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article imageToronto's bylaw ending smoking in restaurants 10 years old

By KJ Mullins     Jun 1, 2011 in Environment
Toronto - Ten years ago not everyone was happy that they had to butt out when they dined out. With 72 health inspectors and a team of tobacco control officers on the look out for violators Toronto's dining experience changed.
It was a Friday. In Toronto, Peel and York diners were going out to eat in smoke free environments. It seemed surreal. Today it's the norm.
The Smoking Bylaws started October 8, 1999 when workplace smoking was banned. Then came the banning of smoking in restaurants, dinner theatres and bowling centres on June 1, 2001. The last phase of the bylaws was three years later when all bars, billiard halls, bingo halls, casinos and the racetrack had to become smoke-free.
City Councilor Joe Mihevc stated on Facebook, "Today is the 10th anniversary of the implementation of the bylaw ending smoking in restaurants. It is probably the most significant municipal bylaw change in many decades, one that has changed the restaurant/bar experience, and saved thousands of lives. The Toronto bylaw caught hold across the province and Canada soon after. The fight though to get it passed was an intense one that I will never forget."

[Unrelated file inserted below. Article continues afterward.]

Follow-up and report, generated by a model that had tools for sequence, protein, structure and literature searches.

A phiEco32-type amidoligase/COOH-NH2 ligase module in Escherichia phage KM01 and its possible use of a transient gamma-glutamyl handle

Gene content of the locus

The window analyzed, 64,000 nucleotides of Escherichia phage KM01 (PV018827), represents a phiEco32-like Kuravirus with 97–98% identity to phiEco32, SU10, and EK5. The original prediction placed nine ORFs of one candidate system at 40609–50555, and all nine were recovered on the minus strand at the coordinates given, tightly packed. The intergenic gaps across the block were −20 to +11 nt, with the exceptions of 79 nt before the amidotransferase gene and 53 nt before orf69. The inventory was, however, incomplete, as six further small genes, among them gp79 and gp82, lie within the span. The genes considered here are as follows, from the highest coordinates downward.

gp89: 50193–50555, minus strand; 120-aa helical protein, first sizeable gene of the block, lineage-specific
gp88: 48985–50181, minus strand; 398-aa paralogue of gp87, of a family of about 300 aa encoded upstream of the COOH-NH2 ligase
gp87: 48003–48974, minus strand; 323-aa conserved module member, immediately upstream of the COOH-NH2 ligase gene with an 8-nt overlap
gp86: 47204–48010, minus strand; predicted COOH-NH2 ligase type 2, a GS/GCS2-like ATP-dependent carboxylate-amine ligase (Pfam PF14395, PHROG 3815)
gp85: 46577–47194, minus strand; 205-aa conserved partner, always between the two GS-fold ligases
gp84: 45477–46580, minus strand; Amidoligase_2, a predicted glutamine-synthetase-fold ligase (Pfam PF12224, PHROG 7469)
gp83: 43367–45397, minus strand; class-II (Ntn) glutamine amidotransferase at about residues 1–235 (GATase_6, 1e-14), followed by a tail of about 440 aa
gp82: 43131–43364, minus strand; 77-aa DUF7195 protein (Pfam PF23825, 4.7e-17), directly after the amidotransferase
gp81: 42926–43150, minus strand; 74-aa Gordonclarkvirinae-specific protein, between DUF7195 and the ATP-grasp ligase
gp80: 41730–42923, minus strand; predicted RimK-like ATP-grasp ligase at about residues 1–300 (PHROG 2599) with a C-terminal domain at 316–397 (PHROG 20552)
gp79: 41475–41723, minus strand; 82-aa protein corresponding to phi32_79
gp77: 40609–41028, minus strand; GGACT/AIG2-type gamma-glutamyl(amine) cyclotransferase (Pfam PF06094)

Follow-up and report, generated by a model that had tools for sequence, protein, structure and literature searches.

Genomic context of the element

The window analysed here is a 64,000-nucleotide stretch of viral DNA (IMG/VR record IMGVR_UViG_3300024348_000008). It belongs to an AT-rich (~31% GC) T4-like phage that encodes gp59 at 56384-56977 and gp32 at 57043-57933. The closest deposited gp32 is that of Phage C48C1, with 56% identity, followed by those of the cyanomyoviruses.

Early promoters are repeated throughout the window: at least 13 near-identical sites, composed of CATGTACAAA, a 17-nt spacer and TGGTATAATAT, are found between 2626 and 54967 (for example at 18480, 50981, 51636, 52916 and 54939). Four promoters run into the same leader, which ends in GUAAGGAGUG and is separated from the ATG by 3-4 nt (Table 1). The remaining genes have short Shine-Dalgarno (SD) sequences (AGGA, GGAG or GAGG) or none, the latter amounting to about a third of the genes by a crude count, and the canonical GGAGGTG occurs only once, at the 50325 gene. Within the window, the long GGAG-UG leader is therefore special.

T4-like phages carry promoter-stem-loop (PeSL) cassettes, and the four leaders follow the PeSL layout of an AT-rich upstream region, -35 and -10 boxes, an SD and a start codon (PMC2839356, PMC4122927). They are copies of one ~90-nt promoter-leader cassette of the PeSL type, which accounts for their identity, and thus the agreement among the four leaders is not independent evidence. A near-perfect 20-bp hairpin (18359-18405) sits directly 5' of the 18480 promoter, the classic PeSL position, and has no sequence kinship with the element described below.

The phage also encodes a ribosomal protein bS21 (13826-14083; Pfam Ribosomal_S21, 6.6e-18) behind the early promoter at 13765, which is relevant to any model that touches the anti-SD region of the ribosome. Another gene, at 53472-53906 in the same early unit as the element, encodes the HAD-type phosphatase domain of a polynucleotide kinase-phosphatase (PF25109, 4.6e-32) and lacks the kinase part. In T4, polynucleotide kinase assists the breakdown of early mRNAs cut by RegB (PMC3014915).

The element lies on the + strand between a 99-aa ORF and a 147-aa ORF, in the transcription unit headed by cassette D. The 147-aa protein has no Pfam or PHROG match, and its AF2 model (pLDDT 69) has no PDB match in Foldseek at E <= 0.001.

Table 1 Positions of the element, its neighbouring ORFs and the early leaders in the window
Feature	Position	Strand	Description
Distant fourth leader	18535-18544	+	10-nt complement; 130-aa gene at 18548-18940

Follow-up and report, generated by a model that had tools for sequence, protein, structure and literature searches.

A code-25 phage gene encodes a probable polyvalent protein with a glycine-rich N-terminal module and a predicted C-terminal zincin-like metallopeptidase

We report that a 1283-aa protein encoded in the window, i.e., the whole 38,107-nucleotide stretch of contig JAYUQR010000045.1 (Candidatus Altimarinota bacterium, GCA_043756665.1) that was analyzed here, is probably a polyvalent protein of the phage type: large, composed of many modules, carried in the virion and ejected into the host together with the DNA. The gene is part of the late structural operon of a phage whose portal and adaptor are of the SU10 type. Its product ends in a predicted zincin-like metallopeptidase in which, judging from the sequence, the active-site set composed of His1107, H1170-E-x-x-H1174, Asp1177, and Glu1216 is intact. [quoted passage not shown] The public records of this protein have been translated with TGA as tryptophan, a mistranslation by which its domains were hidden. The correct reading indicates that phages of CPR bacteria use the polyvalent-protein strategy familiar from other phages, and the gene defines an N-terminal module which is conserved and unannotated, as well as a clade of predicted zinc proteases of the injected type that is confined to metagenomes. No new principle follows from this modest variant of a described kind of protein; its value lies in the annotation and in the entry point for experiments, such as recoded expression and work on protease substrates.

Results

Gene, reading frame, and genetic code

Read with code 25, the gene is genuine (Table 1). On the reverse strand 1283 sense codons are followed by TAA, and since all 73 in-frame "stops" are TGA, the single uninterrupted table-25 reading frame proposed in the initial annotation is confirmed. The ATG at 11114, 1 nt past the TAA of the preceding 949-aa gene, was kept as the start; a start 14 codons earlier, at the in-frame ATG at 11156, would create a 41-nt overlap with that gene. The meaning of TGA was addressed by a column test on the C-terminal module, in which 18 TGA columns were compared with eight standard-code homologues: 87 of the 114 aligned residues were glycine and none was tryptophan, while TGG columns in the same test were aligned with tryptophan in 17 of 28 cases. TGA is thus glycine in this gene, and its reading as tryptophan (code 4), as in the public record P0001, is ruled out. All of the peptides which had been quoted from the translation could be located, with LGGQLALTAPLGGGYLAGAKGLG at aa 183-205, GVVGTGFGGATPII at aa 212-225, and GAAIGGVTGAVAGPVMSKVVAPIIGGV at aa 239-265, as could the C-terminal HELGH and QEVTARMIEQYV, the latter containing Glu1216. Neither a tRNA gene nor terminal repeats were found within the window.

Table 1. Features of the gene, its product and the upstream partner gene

How does Toronto's residents feel about the bylaw ten years later? I asked a few people their thoughts on the bylaw.
University student Samantha Postulart said, "I think its one of the only bylaws that I've actually taken notice of in my lifetime because it made such a tangible, positive impact. There is no reason that servers and other patrons should be forced to be exposed to the deadly chemicals in cigarettes. As someone who has worked in hospitality for many years I cannot imagine life without the the protection of this bylaw."
Bryen Dunn said, "I'm only a casual smoker, very casual, but I think it's much better not going home smelling of smoke. saves not only your lungs, but laundry detergent and water as well!" He reflected on ten years ago, "I remember the first time through when bars were not enforcing the law, and suggested you don't smoke. They had the smoking and non-smoking side by side. Some would have ashtrays if you asked. Others actually told me to just butt it on the floor."
Donna Hartling MacDonald said, "I love the bylaws.I do not think smoking should be in public restaurants or establishments. I do not want to be breathing in 2nd hand smoke, I do not smoke, never have and therefore I should not have to deal with other peoples smoke. However I recently heard that there are plans to ban smoking in public outdoor parks. That is going a bit to far."
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